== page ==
Lucrezia Bori Tribute;  Mario Chamlee, Richard Crooks,  Tito Schipa, Joseph Bentonelli, Leon Rothier  (2-Immortal Performances IPCD 1136)
Item# V2650
$39.95
Availability: Usually ships the same business day

Product Description

Lucrezia Bori Tribute;  Mario Chamlee, Richard Crooks,  Tito Schipa, Joseph Bentonelli, Leon Rothier  (2-Immortal Performances IPCD 1136)
V2650. LUCREZIA BORI: A Tribute, incl. LA RONDINE - Act 2, with Mario Chamlee, Live Performance, 8 Oct., 1934 St. Louis Opera, Live Performance, (not Chicago nor San Francisco [as erroneously assumed in the past]); LA BOHÈME - Act 4, final scene, w.Carlo Sabajno, Cond. La Scala Ensemble; Tito Schipa, Ernesto Badini, Luigi Manfrini, Aristide Baracchi & Thea Vitulli, recorded 1925; Act 1, final scene, w.Otto Klemperer, Cond. Los Angeles Phil., & Joseph Bentonelli – Live Performance, 6 June, 1937; MANON – Act 3, scene 2, w.Louis Hasselmans Cond. Met Opera Ensemble; Richard Crooks & Léon Rothier – Live Performance, 29 March, 1936 (Bori's Met Farewell), including Lucrezia Bori’s speech; L’ENFANT PRODIGUE - Azaël! Azaël! Pourquoi m'as-tu quittée?, w.Goossens Cond. Met Opera Orch., Live Performance, 30 Dec., 1934; Arias from La Bohème, Madama Butterfly, Louise, La Fille du Régiment, Pagliacci, Mignon & La Rondine – recorded 1925-35. (Canada) 2-Immortal Performances IPCD 1136. Restoration and Transfers by Richard Caniell. Notes by Richard Caniell & William Russell. With elaborate 46pp booklet. - 787790582083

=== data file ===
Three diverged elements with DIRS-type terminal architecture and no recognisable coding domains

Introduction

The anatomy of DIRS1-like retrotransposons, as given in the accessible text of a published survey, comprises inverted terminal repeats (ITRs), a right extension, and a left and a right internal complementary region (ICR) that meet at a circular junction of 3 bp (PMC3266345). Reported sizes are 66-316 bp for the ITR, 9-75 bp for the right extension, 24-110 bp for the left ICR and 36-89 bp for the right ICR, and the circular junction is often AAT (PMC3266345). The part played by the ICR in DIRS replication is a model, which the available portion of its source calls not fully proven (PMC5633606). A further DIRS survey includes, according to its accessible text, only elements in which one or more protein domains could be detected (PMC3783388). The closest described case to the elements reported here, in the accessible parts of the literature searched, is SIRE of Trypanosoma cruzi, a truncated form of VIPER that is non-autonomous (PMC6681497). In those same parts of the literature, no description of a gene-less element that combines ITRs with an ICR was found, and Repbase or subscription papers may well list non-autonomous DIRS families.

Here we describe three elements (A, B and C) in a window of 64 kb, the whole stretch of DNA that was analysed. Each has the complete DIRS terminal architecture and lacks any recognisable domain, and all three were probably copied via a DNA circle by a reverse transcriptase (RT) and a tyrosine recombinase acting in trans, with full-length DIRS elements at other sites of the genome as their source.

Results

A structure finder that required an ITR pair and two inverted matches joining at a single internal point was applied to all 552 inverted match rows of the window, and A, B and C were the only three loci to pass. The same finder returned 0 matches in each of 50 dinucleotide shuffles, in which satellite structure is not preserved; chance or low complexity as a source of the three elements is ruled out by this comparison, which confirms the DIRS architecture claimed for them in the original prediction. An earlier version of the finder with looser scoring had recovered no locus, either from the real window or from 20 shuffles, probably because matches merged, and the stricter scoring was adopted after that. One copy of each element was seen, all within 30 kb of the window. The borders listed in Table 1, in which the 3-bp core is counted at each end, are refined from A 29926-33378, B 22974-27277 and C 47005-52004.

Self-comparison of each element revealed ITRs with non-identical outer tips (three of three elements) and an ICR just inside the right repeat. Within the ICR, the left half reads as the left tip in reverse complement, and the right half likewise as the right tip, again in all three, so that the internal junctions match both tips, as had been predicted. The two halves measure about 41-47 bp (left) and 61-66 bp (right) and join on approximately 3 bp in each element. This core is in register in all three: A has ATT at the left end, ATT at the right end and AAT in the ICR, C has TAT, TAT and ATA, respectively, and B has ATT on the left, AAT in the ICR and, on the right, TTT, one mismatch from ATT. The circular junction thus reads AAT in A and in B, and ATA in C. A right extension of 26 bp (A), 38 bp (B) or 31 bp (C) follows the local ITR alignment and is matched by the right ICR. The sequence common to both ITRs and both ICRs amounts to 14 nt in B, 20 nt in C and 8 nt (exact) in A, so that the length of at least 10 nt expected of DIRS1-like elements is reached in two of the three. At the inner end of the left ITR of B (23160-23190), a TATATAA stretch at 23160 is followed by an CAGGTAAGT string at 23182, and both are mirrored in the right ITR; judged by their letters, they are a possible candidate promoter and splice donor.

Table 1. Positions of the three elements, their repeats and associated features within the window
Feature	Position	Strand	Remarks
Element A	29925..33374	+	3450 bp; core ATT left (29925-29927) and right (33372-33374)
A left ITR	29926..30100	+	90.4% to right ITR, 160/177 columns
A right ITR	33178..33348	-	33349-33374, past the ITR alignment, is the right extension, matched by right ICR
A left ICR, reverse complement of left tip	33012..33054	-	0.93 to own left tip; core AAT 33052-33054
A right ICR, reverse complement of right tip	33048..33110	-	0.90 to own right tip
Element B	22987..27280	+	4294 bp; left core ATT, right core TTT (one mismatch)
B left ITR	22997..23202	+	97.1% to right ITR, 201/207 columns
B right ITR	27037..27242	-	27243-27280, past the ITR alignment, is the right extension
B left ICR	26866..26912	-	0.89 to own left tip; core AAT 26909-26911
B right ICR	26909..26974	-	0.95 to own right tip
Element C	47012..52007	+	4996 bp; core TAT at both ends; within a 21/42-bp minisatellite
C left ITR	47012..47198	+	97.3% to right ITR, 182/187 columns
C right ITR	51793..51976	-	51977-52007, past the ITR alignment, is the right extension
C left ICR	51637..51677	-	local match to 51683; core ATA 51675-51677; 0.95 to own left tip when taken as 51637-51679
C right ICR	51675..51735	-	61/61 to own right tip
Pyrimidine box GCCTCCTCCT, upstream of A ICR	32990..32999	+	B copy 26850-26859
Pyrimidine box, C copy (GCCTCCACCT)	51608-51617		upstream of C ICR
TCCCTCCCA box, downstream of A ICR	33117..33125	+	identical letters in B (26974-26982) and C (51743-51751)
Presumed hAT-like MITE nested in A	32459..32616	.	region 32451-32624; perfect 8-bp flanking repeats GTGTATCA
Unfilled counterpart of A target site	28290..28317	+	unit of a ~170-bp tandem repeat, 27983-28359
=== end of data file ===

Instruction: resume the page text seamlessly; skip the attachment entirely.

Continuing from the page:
CRITIC REVIEWS:

“The Spanish soprano Lucrezia Bori (1887–1960) is an extremely interesting artist, in that she achieved stardom without a truly spectacular aspect to her singing. Her voice was apparently not large, her top was somewhat limited, and when you first hear it, your reaction might very well be something along the lines of ‘well, that’s pretty’. The more one listens, however, the more one appreciates Bori’s greatness as an artist. Immortal Performances’ two-disc tribute affords that opportunity.